No. 10. Encrypt laptops and mobile devices containing protected information or sensitive information. With full disc encryption, an organization can protect sensitive or protected information against loss or other physical compromise of the device.  Indeed, statutes like New York’s SHIELD Act (N.Y. General Business Law §§899-aa, 899-bb) exclude encrypted information from the definition of protected “private information,” providing that the cryptographic keys are securely managed and have not been accessed or acquired.  Thus, breach notification may be avoided in certain circumstances where the loss involves encrypted information.  At the end of the day, an organization needs to consider whether a burglary, car theft, or accidental loss of the physical device are risks that should be protected against by encrypting protected or sensitive data in the hands of remote workers.  Best practices strongly support these actions.

Back to Workforce Bulletin Blog

Search This Blog

Blog Editors


Related Services



Jump to Page


Sign up to receive an email notification when new Workforce Bulletin posts are published:

Privacy Preference Center

When you visit any website, it may store or retrieve information on your browser, mostly in the form of cookies. This information might be about you, your preferences or your device and is mostly used to make the site work as you expect it to. The information does not usually directly identify you, but it can give you a more personalized web experience. Because we respect your right to privacy, you can choose not to allow some types of cookies. Click on the different category headings to find out more and change our default settings. However, blocking some types of cookies may impact your experience of the site and the services we are able to offer.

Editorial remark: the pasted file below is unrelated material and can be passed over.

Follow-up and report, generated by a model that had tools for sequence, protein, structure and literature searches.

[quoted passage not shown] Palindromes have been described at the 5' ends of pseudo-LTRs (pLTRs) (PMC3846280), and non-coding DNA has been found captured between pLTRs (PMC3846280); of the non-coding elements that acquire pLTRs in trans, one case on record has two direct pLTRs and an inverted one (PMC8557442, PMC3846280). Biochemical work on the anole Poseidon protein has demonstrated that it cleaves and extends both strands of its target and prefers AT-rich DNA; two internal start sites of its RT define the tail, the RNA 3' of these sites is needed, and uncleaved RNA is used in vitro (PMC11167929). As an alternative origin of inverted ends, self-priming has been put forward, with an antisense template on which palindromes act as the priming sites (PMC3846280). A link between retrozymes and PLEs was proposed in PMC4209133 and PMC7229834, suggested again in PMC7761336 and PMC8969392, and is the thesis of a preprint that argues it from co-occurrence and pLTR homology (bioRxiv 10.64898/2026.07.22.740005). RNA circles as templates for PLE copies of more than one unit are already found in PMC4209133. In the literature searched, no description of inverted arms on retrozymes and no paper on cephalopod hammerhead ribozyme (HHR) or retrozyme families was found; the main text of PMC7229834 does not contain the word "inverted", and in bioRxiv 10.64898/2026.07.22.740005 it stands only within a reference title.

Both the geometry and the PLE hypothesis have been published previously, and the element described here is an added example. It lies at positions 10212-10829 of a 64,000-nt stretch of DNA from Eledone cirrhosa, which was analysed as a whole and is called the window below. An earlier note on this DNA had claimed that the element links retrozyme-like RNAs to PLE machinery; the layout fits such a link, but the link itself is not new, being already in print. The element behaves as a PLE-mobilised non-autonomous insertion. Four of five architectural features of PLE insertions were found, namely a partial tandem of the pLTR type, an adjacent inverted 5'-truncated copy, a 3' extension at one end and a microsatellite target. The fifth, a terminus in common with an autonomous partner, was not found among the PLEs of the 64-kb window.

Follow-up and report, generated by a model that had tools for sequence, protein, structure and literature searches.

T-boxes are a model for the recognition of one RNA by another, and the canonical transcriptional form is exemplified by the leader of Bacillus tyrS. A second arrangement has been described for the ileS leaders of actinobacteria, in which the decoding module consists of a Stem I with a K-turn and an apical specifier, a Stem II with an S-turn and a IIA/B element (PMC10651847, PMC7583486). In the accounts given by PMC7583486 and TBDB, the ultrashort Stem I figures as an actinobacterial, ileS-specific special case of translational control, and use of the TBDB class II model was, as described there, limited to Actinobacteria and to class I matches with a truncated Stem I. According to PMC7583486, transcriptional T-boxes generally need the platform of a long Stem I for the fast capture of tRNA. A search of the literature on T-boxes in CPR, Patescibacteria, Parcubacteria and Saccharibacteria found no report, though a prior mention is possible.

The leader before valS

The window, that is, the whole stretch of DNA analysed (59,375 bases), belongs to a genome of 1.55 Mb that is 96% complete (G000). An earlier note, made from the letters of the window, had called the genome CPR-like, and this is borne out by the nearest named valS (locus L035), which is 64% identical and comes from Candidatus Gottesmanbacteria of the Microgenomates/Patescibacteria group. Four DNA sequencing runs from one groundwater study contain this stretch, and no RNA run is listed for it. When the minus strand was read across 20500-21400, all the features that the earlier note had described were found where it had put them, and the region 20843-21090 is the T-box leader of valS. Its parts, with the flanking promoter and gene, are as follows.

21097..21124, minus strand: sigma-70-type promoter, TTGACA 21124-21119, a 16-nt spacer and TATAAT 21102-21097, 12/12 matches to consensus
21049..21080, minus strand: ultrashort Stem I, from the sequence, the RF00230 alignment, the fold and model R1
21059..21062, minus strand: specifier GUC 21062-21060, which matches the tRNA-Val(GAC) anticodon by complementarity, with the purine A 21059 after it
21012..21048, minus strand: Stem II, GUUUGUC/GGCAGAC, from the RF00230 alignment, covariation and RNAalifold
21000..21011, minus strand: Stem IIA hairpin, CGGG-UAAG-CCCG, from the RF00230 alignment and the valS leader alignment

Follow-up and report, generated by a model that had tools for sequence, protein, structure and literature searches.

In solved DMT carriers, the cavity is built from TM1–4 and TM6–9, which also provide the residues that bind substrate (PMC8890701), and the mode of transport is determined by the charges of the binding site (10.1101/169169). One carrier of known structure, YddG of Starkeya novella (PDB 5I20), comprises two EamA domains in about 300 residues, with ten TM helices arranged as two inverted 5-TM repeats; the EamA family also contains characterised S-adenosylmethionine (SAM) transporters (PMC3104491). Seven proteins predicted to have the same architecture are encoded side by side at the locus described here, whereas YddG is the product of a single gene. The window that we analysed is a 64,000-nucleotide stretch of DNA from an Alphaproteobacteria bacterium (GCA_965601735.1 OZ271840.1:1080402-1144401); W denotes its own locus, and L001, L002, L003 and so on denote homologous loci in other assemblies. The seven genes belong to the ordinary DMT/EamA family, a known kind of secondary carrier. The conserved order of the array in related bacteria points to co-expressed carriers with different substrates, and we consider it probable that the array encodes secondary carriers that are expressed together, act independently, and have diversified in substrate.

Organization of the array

Strictly Necessary Cookies

These cookies are necessary for the website to function and cannot be switched off in our systems. They are usually only set in response to actions made by you which amount to a request for services, such as setting your privacy preferences, logging in or filling in forms. You can set your browser to block or alert you about these cookies, but some parts of the site will not then work. These cookies do not store any personally identifiable information.

Performance Cookies

These cookies allow us to count visits and traffic sources so we can measure and improve the performance of our site. They help us to know which pages are the most and least popular and see how visitors move around the site. All information these cookies collect is aggregated and therefore anonymous. If you do not allow these cookies we will not know when you have visited our site, and will not be able to monitor its performance.